That’s how German short rows look in progress: each little double loop on the needles is actually one double stitch.

The Double Stitch in German Short Rows

The German method for working short rows uses a special stitch referred to as “double stitch”. To make a double stitch, insert needle as if to purl with yarn in front. Slip stitch off the needle, pull working yarn to back so the slipped st falls to the back and the stitch in the row below is pulled up over the right hand needle.

I’ve written a little tutorial on how to work German short row sock heels, in case you need one.

Short Rows: The Extra Mile

So far, you’ve read nothing new – I guess there’s a ton of blog posts compiling information and links to these three short row methods. What I want to share with you today is the nuts and bolts of short row shaping:

How To Determine Short Row Shapes Before Knitting a Single Stitch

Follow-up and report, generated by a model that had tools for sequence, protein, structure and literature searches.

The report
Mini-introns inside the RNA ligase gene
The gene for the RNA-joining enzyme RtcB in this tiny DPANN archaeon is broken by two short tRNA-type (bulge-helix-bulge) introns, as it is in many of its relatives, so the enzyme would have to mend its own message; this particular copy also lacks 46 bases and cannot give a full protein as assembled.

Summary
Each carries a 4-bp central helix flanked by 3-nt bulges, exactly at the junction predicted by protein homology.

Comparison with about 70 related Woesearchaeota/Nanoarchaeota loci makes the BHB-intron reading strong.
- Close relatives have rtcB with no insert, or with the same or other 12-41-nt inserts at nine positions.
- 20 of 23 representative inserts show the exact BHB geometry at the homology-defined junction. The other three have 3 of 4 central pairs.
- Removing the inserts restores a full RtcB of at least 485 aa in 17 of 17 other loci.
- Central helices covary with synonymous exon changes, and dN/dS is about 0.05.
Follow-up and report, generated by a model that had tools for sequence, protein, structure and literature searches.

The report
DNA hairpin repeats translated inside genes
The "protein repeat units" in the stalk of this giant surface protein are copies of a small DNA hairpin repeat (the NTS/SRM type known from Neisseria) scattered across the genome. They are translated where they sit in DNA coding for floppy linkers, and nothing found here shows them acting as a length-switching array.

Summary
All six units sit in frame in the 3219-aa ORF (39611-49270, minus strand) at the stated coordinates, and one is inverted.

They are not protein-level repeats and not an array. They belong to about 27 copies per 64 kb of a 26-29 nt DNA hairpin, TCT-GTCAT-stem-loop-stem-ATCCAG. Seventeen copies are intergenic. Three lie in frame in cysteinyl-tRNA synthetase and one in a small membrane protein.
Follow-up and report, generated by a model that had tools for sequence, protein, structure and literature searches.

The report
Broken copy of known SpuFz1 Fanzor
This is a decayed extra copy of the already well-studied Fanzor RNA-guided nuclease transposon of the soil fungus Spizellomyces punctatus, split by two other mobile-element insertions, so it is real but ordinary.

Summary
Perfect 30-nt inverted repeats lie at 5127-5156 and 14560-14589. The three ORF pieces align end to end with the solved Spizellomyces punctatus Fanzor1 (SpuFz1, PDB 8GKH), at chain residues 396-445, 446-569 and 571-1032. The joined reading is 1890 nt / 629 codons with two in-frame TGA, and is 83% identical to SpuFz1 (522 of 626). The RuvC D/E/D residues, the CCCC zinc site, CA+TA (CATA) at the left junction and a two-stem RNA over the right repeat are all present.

The extra mile in this article about short rows is that I’m actually telling you which shape your short row section is going to have before you even start knitting.

I told you that short rows are worked by partially knitting an existing row to a predetermined stitch count, then turning the work and working back to the same (or another) count, and turning again. The result looks similar to the illustration below.

short row shaping
How does working short rows look like? The black arrow indicates knitting direction, the green dots represent your live stitches.

You are creating a triangle, basically! The only difference between knitting a triangle using deceases on both sides is that your stitch count doesn’t change.